Crowned by Evil.
Bound by Duty.
Divided by Love.
Celaena Sardothien, royal assassin, is the King of Adarlan’s deadliest weapon. She must win her freedom through his enemies’ blood – but she cannot bear to kill for the crown. And every death Celaena fakes, every lie she tells, put those she loves at risk.
Torn between her two protectors – a captain and a prince – and battling a dark force far greater than the king, Celaena must decide what she will fight for: her liberty, her heart or the fate of a kingdom…
Unlike the first book, Crown Of Midnight blew me away right from the start. This book is 10.000.000 times better than the first one, mainly because it’s action packed from the first page on. I really enjoyed reading this sequel. It’s kept me awake at night while I failed at any attempt to find answers to the riddles given to us by Sarah. I read it in one go. I lost all ability to put it down. It was just that great.
Crown Of Midnight continues the story of Throne Of Glass. Celaena is currently the king’s Champion and has to do what he says or else she’ll lose her life. Or worse… he’ll kill those she loves most. So she’s forced to be his handy man and kill those he names, however, Celaena doesn’t kill her victims. Instead she forces them to flee the country under the use of a different name and the promise never to be seen again. This choice could jeopardize the lives of her friends but in order to work against the King, Celaena has to do what she has to do but when the king orders her to kill an old friend of hers, things start to get tricky. Celaena will start to doubt her trust in others and when she finds herself betrayed, the world is no longer safe.
I really came to like Celaena a lot in this book. The bad-ass side of her had more showtime. All that assassin talk finally came to practice. What was truly interesting is the fact that Celaena has a certain boundary. One that’ll transform her into a senseless killing machine when crossed. She becomes this whole other person when she gets in that zone. It’s actually kind of menacing when we finally get to see what happened in Endovier during her attempt to escape.
Celaena is a bit more open to us as well. She tells us more about herself and her past but Sarah knows how to keep it interesting while making us wait for the most important pieces of Celaena’s past. She does give us clues throughout the story like the hymn Rena sang at the banquet for Hollin. She sang about a Fae woman who possessed a power so great most of the people feared her but one knight who’s fear turned to love. Love for who she truly is and not the way she appears to be. You can’t tell me that this song isn’t about Celaena……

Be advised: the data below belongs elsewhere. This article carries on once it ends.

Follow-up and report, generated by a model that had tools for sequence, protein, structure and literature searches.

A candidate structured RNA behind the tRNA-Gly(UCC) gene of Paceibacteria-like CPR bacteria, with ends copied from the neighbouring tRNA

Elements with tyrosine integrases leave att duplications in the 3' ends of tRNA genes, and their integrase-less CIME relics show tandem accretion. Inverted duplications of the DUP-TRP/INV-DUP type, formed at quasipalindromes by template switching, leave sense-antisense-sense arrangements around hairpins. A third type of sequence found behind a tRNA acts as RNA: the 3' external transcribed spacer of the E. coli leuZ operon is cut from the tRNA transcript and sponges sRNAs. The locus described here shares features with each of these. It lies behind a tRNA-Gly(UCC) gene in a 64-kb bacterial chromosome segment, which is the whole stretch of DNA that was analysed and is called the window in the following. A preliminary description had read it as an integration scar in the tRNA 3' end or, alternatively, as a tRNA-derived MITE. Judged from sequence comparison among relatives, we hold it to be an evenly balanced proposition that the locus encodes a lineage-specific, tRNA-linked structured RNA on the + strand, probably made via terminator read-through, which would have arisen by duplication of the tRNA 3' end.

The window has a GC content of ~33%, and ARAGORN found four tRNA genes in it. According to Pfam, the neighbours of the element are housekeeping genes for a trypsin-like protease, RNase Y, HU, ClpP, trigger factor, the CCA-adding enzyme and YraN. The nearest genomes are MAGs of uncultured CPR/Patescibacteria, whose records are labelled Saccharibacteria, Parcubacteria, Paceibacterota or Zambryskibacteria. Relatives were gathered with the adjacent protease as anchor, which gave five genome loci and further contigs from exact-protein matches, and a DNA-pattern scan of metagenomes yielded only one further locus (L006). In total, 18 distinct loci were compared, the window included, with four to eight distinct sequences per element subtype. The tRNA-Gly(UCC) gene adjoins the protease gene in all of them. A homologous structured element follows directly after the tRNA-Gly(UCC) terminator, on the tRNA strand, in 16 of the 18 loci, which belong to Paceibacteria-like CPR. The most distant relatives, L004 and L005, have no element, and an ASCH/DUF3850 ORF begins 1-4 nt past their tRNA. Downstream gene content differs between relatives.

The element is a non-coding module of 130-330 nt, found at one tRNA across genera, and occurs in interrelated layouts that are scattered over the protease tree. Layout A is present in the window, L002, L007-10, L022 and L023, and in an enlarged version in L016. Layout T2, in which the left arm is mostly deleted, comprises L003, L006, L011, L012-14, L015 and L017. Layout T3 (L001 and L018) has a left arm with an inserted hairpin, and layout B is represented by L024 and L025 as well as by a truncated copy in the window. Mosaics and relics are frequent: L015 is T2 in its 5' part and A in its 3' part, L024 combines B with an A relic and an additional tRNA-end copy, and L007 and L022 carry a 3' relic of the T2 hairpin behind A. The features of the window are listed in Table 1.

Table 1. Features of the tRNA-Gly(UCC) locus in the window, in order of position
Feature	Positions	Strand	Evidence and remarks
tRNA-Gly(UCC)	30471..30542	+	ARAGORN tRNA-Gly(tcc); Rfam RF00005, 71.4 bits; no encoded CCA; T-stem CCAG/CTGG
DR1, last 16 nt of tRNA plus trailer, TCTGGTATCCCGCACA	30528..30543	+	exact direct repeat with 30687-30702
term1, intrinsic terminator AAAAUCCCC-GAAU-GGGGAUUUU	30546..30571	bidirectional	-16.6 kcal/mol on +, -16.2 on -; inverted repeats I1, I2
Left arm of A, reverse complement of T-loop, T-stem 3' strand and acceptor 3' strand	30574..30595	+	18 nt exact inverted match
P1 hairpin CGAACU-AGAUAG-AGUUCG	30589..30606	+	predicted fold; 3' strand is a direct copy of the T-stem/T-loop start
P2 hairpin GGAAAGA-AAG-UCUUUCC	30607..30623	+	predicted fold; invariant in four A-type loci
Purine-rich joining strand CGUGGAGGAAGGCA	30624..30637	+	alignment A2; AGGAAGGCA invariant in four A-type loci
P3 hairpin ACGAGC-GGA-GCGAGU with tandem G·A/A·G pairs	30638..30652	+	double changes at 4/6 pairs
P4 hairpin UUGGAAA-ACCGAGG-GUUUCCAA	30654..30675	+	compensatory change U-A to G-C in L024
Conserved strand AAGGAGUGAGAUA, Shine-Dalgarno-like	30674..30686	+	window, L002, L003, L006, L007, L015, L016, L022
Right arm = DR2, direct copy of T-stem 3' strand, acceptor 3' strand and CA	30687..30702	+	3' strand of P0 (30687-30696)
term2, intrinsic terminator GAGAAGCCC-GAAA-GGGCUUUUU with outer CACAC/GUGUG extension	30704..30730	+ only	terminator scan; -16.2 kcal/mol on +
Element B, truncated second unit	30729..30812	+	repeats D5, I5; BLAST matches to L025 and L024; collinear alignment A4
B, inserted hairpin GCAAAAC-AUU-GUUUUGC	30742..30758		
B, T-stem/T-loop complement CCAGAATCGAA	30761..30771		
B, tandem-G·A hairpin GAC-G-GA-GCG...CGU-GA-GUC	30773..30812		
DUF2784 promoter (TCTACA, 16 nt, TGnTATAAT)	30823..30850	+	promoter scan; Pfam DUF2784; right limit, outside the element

In Crown of Midnight I also came to terms with Dorian. I actually came to like him. His way of handeling things changed due to Celaena’s influence which resulted into some very appreciated character growth. Also, Dorian gets more spice in this installment of the series. He finally manages to stand up for himself and make his own choices. Dorian discovers that, in a land where magic is banned, he is still able to practice magic. It flows in his veins when it really shouldn’t be active. So he hides it from everyone to keep himself safe. This hardship challenges his personality. He becomes a little withdrawn but this process makes him grow up. It turns him into a better person.
We also get to see some more of Chaol (which I didn’t mind at all). In this book we get to learn about Chaol’s parentage. We are told about what happened between him and his family and why he chose to become the captain of the guard at such a young age. There’s a certain depth to him that we get to delve into in this book and I loved that. Chaol is my absolute bae of this series.
In Crown of Midnight we also see a change in ships. Whereas Dorian and Celaena were the main ship in Throne of Glass, it’s all Chaolaena in Crown of Midnight. The chemistry between the two of them kickstarted fireworks in my head. My heart exploded with happy feels during a certain scene in a closet that involved the shedding of clothes and lots of kissing.
But there’s one large obstacle in this relationship, namely Chaol’s allegiance to the king. He’s torn apart by his duty to the king and his feelings for Celaena who is ultimatedly a huge threat to everything he knows. He’s so broken that Chaol ends up making all the wrong choices which could cause him his life as well as his heart.
A major part of this book is about Nehemia whom we met in Throne of Glass. She’s one of Celaena’s best friends and confidants. Earlier, in Throne of Glass, there was a sense of Nehemia knowing more about Celaena that she let on. That sense became a painful truth in this book. Threats are closing in on Nehemia. They force her to make drastic choices in order to get things done. Choices that will eventually lead to a major character development in the Celaena department.
This series is becoming more and more like a high-fantasy containing a lot of world building, exploration and character growth. Yet again there are several POVs that guide us through this information packed novel but this time it doesn’t get draggy. This time I en joyed the discovery of Dorian’s magical abilities and the slow collapse of the trap that has been set around Celaena. I’m loving the series more and more.
I rated this book 4 stars on Goodreads. I think it deserves just a little more praise so I’ll change it to 4.5. I have really come to live this series mainly due to this book. It broke my heart as well as made it jump with jitters which made me all the more excited for Heir of Fire.